The developers of the proposed Gallery 260 building, which would be located at the corner of Sun Valley Road and First Avenue in Ketchum, are now looking to break ground next spring.
Scott Roberts, a partner with 260 First LLC, which owns the development, said his company anticipates breaking ground on the mixed-use project in April or May.
The revised schedule came on the heels of a Ketchum City Council meeting on Monday, during which the council approved a new building permit application for the project, as the original was set to expire on Dec. 29.
Roberts explained at the meeting that obtaining financing for the project was taking longer than expected and requested that the $55,000 already paid to the city as a non-refundable deposit for its building permit be applied to the new application.
Mayor Randy Hall said he supported "rolling over the fees" on account of the exceptional circumstances surrounding the national economy and debt markets.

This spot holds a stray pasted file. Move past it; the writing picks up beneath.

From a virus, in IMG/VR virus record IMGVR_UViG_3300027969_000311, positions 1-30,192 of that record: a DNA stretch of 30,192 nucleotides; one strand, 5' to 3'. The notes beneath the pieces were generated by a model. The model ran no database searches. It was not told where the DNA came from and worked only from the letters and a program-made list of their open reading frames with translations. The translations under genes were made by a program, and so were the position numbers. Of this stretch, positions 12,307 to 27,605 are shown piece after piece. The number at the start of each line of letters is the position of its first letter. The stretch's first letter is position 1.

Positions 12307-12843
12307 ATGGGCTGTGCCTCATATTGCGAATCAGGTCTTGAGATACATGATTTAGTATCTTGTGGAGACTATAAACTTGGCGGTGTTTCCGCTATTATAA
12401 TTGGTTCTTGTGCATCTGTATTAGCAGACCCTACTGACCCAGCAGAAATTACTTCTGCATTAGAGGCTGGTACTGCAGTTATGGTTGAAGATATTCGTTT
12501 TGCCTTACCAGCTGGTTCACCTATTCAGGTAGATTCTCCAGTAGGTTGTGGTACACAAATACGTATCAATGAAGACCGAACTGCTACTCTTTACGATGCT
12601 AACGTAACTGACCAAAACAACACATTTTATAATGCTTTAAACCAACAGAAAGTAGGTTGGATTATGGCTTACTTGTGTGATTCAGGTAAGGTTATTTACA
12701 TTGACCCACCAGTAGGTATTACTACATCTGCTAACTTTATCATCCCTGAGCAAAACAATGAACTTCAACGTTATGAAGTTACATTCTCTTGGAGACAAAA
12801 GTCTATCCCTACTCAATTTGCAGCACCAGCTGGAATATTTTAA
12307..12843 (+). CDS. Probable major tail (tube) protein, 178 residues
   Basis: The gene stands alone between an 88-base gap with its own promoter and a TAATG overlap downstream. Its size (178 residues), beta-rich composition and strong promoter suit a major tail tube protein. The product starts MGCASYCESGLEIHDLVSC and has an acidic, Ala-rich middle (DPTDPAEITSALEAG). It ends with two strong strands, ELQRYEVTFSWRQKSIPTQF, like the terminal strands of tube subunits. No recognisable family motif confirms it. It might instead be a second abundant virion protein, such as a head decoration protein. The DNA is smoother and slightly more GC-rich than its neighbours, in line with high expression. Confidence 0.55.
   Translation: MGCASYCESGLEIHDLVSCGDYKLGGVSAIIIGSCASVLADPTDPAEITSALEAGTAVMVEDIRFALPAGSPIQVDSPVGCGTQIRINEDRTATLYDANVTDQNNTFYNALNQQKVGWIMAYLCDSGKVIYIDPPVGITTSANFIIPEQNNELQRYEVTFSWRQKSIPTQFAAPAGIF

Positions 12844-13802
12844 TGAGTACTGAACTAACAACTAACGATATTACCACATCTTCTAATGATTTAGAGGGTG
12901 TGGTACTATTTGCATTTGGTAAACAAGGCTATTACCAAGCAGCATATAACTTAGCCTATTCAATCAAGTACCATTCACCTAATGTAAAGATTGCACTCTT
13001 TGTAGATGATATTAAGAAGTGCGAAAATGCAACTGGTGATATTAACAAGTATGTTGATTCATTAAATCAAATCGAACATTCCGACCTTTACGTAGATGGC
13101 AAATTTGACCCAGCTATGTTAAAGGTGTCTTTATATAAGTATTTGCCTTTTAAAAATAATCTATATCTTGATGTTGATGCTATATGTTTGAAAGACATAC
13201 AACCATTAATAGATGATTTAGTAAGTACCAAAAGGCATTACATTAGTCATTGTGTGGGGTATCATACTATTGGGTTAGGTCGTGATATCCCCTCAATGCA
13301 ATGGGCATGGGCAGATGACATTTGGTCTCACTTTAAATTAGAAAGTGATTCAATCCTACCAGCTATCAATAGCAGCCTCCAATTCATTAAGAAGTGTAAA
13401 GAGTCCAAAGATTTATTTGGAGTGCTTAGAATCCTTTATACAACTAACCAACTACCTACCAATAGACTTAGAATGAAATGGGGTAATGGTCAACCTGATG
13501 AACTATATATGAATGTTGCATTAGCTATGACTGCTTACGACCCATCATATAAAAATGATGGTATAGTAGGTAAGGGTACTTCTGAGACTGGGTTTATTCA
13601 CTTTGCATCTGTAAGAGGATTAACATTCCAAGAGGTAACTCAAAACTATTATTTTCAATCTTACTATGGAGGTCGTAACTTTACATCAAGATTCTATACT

Ketchum Building Official Dennis Keierleber explained that the developers originally applied for a building permit at the end of 2007, which gave them six months to obtain the permit, and subsequently applied for and were granted a six-month extension. As only one extension is allowed, the developers are required to submit a new application.
The modern-looking, 60,000-square-foot building, located at 260 First Ave. N., just west of the Copper Ridge Building, would likely house an art gallery and other retail space on the ground floor and contain 22 market-rate condominiums and seven deed-restricted residential units.
The development has caused some controversy due to the designed fourth story, permissible through the purchase of transferred development rights.
This use of TDRs has been a matter of serious concern for the owner of the Copper Ridge Building, KGF Development, which has filed a court action against the city of Ketchum, claiming the municipality's TDR ordinance is illegal. The fourth floor would block views of Bald Mountain from the high-end Copper Ridge condominiums. If the litigation is successful, KGF could prevent 260 First LLC from building its fourth floor. However, the litigation has yet to be resolved.
Roberts said that while his company is watching the litigation closely, it is not causing it to alter construction plans. He said the necessary TDRs wouldn't be purchased until construction is underway.